Some Employers Consider Ending Domestic Partner Benefits
"[L]arge employers overwhelmingly provide domestic partner benefits to same-sex couples (87% of respondents), and 64 percent of respondents offer them to opposite-sex couples. With marriage now legal for same-sex couples, 40 percent of those companies that participated in the poll are considering ending domestic partner benefits, while an equal number do not plan to end these benefits. Almost 15% of respondents have dropped domestic partner health benefits within the last two years." (The ERISA Industry Committee [ERIC])  

The New Front Door to Health Care
"During the period 2010 to 2015, telemedicine spending increased from $540 million to $1.9 billion. Retail clinic usage increased 176% to 19 million visits and urgent care center usage increased by 5.8% annually. In 2013, 15% of respondents used a retail clinic. This grew to 26% in 2015." (Frenkel Benefits)  

How Big a Burden Are State and Local OPEB Benefits? (PDF)
"This brief provides an updated accounting of [Other Post-Employment Benefits (OPEB)] commitments, with data for 2012 or 2013.... The first section describes the evolution of the new reporting framework. The second section discusses the OPEB sample ... The third section compares OPEB and pension liabilities in the aggregate ... The fourth section puts the OPEB liabilities in perspective. The final section concludes that: [1] aggregate unfunded OPEB liabilities are estimated to be $862 billion -- nearly two thirds of which is held at the local level; [2] these liabilities are equivalent to 28 percent of unfunded pension liabilities ... and [3] while OPEB liabilities are large, several factors limit their potential drain on state and local resources." (Alicia H. Munnell, Jean-Pierre Aubry, and Caroline v. Crawford, for Center for State & Local Government Excellence)  

Majority of California Adults Have Pre-Diabetes or Diabetes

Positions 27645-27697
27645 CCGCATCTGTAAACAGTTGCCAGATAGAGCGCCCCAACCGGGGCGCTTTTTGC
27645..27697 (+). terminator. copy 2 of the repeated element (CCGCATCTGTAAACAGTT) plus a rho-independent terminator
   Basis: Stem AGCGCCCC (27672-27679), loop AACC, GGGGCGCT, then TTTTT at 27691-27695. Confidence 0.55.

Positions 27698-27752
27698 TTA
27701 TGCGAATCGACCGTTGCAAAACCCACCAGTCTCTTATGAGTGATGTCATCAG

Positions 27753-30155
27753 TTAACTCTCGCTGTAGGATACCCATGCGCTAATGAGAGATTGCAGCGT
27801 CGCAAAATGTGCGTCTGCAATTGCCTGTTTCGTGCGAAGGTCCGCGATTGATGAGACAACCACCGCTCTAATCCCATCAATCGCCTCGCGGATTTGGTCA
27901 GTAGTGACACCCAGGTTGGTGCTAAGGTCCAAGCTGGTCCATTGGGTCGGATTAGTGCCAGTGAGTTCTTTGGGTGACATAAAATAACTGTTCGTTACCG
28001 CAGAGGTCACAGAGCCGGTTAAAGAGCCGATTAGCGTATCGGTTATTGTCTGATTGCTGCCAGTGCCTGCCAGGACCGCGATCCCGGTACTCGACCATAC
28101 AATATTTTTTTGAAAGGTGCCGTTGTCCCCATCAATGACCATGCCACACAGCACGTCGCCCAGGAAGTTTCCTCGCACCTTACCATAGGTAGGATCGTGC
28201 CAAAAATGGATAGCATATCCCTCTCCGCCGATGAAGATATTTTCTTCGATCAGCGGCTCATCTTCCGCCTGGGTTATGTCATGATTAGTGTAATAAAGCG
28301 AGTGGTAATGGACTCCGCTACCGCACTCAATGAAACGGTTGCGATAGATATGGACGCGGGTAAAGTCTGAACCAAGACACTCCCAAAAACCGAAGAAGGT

"46 percent of California adults -- 13 million people -- have prediabetes or undiagnosed diabetes, while another 9 percent have already been diagnosed with diabetes. Since diabetes is more commonly seen among older adults, the study's finding that 33 percent of adults ages 18 to 39 have prediabetes is of particular concern[.]" (Marin Independent Journal)  

ACA: Controls Over Financial Accounting for the Premium Tax Credit Should Be Improved (PDF)
22 pages. "TIGTA found errors in the IRS financial accounting and reporting of PTC-related fund outlays.... The errors we identified were due to a programming miscalculation. The miscalculation was not caught due to insufficient testing of the financial system programming developed to account for the impact of the reconciliation of PTC fund outlays (disbursements). Due to this programming error, the IRS understated the amount of PTC disbursements and overstated the balance in the IRS PTC account by $447 million. Further, the error TIGTA identified in the financial accounting records, if left uncorrected, would have resulted in a misstatement of the Fiscal Year 2015 IRS financial statements refundable credits in excess of tax liability account." (Treasury Inspector General for Tax Administration [TIGTA], U.S. Department of the Treasury) CMS Management of the Federal Marketplace
"Recently, the HHS Office of Inspector General has released a report that details the development and implementation of by CMS. [This is a transcript of an interview] with one of the report's authors, Ruth Ann Dorrill ... [Ruth Ann Dorrill] From the beginning, faced a high risk of failure, given the complexity needed, a fixed deadline, and a high degree of uncertainty about the mission, scope, and the funding available for the project." (Office of Inspector General [OIG], U.S. Department of Health and Human Services [HHS])  

The Failure of the ACA Health Insurance CO-OPs
63 pages. "HHS approved the failed CO-OPs despite receiving specific warnings from a third- party analyst about weaknesses in their business plans.... [E]ven though HHS was aware of serious financial distress suffered by the CO-OPs in 2014, it failed to take any corrective action or enhance oversight for more than a year.... [D]espite serious financial warning signs, HHS did not withhold any loan disbursements from the now-failed CO-OPs -- and in many cases accelerated planned disbursements.... HHS approved additional solvency loans for three of the failed CO-OPs in danger of being shut down by state regulators, despite obvious warning signs that those CO-OPs will not be able to repay the taxpayer.... HHS looked on as the CO -OPs booked, as assets, massive uncertain payments from the ACA's risk corridor program.... [T]he heavy costs of failed CO-OPs will be borne by taxpayers, doctors, patients, and other insurers." (Permanent Subcommittee on Investigations, Committee on Homeland Security and Governmental Affairs, U.S. Senate)